This post is part of the series SOLID Wash Tunnel.


IoC Principle

Inversion of control (IoC) is a design principle which basically boils down to the question.

Who has control about the objects in an application?

Every OOP application has objects, and those objects have to be managed. Objects can be temporary (method level), while some are passed around the entire application to provide specific functionality. The creation, lifespan, and destruction of objects is usually let to you, the developer, to control.

What IoC does is that it inverts the responsibility of managing these objects, and shifts the control away, from you the developer, towards the framework you are using (.NET, Spring, Django etc.)

IoC Container

An IoC container in the other hand is responsible to manage object creation, lifespan, destruction, and also inject dependencies where needed.
This is achived by means of injecting the dependencies through a constructor, a property or a method at run-time.

We can define an IoC container as follows:

An IoC container is a framework for implementing automatic dependency injection.


Right of the bat, I do not suggest to build your own IoC container, unless you need something very specific that existing containers do not provide. Other than that always use well established containers such as:

It is a good practice to sepparate the abstractions of the container from its implementation. That is why we have created 2 projects:

  • SOLIDWashTunnel.DI
  • SOLIDWashTunnel.DI.Abstractions


This project contains one interface IContainer.

Every project that needs to register its components, makes use of this interface.
The interface enables consuming libraries to perform the following actions:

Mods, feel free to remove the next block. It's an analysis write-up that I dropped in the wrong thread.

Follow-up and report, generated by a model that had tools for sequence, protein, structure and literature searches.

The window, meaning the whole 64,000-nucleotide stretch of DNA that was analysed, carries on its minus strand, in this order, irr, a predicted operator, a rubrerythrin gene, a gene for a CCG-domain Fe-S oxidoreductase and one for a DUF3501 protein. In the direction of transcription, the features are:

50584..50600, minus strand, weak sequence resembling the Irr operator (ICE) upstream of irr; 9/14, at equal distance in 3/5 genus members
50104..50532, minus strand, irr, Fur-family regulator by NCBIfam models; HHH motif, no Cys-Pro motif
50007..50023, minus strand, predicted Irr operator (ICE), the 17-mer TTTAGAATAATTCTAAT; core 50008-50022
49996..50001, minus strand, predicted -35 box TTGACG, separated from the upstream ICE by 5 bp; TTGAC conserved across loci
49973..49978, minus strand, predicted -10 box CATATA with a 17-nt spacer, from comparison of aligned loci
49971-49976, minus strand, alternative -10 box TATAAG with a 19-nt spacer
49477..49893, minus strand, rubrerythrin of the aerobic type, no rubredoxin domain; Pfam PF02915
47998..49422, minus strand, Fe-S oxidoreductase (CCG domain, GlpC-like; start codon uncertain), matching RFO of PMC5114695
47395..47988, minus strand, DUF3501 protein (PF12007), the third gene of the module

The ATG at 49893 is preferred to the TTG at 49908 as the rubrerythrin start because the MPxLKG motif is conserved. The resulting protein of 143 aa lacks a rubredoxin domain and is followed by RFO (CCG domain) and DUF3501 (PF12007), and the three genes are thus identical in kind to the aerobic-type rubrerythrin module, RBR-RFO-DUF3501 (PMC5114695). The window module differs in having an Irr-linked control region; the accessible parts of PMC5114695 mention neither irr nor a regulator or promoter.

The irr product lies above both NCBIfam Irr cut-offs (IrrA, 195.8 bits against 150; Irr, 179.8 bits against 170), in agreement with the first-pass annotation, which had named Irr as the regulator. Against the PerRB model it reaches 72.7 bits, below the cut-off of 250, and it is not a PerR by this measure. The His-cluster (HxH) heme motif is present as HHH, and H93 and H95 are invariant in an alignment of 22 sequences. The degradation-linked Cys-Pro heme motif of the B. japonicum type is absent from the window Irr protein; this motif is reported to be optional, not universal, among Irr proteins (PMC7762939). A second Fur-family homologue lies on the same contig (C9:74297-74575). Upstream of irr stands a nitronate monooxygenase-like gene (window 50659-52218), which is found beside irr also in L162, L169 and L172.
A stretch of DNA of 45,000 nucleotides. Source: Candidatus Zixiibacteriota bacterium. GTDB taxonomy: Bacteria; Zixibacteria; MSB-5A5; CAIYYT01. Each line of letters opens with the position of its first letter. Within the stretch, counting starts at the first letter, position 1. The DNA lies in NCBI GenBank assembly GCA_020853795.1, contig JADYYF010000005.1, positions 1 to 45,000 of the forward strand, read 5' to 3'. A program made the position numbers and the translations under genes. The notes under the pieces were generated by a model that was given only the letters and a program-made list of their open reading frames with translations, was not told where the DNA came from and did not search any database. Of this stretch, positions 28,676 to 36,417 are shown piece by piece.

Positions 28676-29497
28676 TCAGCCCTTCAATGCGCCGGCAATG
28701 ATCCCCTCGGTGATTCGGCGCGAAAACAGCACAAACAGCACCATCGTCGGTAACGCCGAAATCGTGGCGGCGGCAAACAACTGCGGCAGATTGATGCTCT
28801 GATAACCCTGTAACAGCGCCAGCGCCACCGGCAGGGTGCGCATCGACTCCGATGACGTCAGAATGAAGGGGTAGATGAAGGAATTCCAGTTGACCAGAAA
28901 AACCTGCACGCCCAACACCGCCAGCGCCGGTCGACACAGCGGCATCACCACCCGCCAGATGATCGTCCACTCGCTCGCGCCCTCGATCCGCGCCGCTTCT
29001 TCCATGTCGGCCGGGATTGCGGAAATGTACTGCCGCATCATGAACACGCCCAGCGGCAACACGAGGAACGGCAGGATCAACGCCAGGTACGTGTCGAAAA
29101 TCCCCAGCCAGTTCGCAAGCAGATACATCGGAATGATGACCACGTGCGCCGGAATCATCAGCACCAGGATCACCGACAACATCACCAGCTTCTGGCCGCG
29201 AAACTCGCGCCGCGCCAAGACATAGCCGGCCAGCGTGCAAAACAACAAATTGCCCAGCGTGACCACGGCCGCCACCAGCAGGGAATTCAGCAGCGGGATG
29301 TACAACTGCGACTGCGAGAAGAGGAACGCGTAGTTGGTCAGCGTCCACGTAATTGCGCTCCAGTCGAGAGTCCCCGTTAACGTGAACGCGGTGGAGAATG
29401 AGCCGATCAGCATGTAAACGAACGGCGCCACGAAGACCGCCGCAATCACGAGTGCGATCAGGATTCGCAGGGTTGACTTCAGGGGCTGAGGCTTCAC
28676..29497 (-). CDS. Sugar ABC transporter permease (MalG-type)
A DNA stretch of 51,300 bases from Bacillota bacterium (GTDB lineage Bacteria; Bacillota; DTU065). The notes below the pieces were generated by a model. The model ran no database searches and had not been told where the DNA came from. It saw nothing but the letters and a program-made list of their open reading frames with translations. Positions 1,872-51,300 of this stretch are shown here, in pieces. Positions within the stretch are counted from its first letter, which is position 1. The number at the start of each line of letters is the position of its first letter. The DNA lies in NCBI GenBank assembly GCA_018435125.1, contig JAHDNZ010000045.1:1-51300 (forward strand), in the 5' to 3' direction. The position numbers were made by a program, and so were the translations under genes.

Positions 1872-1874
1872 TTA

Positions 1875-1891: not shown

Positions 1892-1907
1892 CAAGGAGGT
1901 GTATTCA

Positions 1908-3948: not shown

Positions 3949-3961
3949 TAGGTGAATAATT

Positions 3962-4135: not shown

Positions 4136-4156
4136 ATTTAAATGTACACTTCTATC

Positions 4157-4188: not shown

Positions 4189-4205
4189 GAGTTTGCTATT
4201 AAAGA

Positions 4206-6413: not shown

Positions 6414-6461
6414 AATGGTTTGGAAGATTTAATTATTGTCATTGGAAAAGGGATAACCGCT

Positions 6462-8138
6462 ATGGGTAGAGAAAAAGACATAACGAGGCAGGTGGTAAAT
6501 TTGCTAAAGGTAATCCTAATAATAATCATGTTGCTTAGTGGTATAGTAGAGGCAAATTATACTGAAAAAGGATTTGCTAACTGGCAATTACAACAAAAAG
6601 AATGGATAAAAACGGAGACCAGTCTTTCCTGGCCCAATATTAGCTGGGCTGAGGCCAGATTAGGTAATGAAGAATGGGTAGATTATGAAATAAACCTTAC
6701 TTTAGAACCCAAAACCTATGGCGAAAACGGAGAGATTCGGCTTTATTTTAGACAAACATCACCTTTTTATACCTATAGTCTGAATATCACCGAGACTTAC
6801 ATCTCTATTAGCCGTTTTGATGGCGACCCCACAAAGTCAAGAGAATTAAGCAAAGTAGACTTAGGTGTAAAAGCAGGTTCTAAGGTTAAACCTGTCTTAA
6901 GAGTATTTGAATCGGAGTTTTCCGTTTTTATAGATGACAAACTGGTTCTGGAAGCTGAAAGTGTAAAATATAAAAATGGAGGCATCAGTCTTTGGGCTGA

• Transient service registration via delegate invocation (implementationFactory).
  • Transient service registration via type declaration (TService, TImplementation).
  • Singleton service registration via delegate invocation (implementationFactory).
  • Singleton service registration via type declaration (TService, TImplementation).
  • Service decoration via type declaration (TService, TImplementation).
    (Lifetime of the decorator service is inherited from the service being decorated).
  • Resolving via concrete type (type).
  • Resolving via type declaration (TService).
public interface IContainer
void AddTransient<TService>(Func<TService> implementationFactory);
void AddTransient<TService, TImplementation>() where TImplementation : TService;
void AddSingleton<TService>(Func<TService> implementationFactory);
void AddSingleton<TService, TImplementation>() where TImplementation : TService;
void Decorate<TService, TImplementation>() where TImplementation : TService;
object GetService(Type type);
TService GetService<TService>();

Ideally you would sepparate the methods used to resolve services, from the container into a service provider. After services have been registered to the container you could build a service provider, from which the registered services can be resolved from. This would align with SRP and ISP (contribute 😉)


This project contains the implementation of interface IContainer namely Container. The only project that references it, is the console app SOLIDWashTunnel.Customers. The reason why is because it is the Composition Root!

The composition root is an application infrastructure component that
only executables should contain. Libraries and frameworks shouldn't!

It is a (preferably) unique location in the overall project, where all modules are composed together. The implementation of our custom IoC container is very minimalistic but it servers as a good learning step.

The service descriptors are stored in a Dictionary which is empty when a container instance gets created by the client code. The dictionary Key is the type of the service (usually its interface but can be the type of the concrete service itself) whereas the Value is a Func<object> delegate that gets invoked when the service needs to be resolved, which in turn provides the concrete service instance.

Based on the type of registration both AddTransient and AddSingleton store the Key as the type of the generic TService parameter, and the Value as a callback of either:

  • The implementationFactory invocation.
  • Or the GetService return type.